WASHINGTON The top Republican on the U.S. Senate's tax-writing panel on Wednesday endorsed President Barack Obama's nominee to be the next chief of the Internal Revenue Service, smoothing the path for what will likely be a prompt Senate confirmation.
John Koskinen, in a hearing before the Senate Finance Committee, promised to address concerns raised by Republicans about new IRS rules for tax-exempt organizations and the agency's implementation of the 2010 Affordable Care Act.
Senator Orrin Hatch of Utah, the committee's ranking Republican, told Koskinen: "I want to see you confirmed, and I will do what I can to see it happen."
Republican Senator Rob Portman of Ohio also said he supported Koskinen's confirmation.
Democratic Senator Max Baucus, the committee's chairman, said he aimed to hold a committee vote on the nomination on Friday. Approval would send it to the full Senate, which is controlled by Democrats.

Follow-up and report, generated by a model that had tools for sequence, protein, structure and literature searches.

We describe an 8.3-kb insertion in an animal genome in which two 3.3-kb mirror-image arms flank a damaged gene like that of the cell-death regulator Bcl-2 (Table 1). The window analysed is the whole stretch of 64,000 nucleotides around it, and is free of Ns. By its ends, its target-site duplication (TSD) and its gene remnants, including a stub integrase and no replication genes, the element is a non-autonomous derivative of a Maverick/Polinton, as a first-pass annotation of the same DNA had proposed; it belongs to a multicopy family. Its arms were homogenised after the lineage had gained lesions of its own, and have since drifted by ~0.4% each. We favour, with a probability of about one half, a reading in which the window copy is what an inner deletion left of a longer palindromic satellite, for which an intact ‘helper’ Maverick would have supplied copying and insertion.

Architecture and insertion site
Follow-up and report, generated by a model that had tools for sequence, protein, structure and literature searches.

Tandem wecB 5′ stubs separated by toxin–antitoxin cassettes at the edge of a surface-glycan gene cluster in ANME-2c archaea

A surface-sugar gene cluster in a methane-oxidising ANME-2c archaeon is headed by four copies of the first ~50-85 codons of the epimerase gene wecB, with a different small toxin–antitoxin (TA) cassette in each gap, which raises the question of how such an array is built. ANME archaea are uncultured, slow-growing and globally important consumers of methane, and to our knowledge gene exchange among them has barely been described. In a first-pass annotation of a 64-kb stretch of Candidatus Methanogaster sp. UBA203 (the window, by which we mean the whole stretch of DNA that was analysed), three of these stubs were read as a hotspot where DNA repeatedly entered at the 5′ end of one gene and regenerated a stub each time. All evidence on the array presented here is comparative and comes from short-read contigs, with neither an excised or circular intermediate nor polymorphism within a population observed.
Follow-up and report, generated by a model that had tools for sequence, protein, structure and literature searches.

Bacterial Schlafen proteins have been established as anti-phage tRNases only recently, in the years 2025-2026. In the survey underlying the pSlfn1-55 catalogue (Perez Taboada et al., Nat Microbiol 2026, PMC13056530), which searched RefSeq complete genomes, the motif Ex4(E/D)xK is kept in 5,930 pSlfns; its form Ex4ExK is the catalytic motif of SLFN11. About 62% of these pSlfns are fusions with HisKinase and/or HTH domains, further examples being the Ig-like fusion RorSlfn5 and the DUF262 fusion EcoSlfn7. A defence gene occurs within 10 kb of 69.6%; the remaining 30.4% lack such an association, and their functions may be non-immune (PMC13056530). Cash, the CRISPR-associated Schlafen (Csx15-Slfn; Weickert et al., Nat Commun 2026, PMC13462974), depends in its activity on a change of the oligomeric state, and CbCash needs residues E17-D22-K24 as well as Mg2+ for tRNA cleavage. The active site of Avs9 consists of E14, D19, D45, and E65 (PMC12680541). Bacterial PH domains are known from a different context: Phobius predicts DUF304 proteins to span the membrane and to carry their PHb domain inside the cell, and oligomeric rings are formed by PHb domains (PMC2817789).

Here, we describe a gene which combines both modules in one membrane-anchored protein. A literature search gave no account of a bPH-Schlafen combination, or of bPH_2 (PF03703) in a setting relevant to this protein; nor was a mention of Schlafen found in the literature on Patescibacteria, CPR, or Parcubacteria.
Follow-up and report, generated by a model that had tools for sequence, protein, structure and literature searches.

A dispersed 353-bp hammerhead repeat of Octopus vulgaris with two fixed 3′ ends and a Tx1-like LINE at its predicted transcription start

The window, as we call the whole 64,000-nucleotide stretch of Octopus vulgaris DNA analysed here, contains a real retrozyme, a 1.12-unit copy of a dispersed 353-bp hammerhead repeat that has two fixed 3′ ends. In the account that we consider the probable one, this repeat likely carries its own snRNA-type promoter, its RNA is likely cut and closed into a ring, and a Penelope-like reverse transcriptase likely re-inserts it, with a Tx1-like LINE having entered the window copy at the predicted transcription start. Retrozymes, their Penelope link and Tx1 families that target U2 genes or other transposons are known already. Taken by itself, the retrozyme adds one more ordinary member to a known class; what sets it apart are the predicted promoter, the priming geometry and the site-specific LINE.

The IRS has had a tough year. In May, a crisis exploded around the agency's practice of applying extra scrutiny to applications for tax-exempt status from conservative political groups. The furor that ensued cost the acting IRS chief his job.
The IRS's reputation for political impartiality was damaged, even as it struggled to handle the heavy burden of helping to implement Obama's complicated healthcare law.
Koskinen, 74, is a Democrat who stepped in to run mortgage giant Freddie Mac five years ago when it was engulfed by the credit crisis. He is a multimillionaire philanthropist and lawyer with little tax experience, but he has built respect among Democrats and Republicans as a troubleshooter.
At his hearing, he faced no contentious exchanges with committee senators. The session on Wednesday was a continuation of one that ended abruptly on Tuesday after an unidentified Republican senator invoked a seldom-used procedural rule to halt it. No fallout from that episode was apparent on Wednesday.
The IRS's current chief, acting Commissioner Danny Werfel, is scheduled to leave at the end of the year.
Koskinen promised Republicans he would play a central role in finalizing proposed IRS rules, released in November, that are supposed to define political activity for tax-exempt groups.
Some Republicans criticized the rules as too broad and for not applying to tax-exempt labor unions. "The regulations need to be evenhanded," Koskinen said.
(Reporting by Patrick Temple-West; Editing by Kevin Drawbaugh and Eric Beech)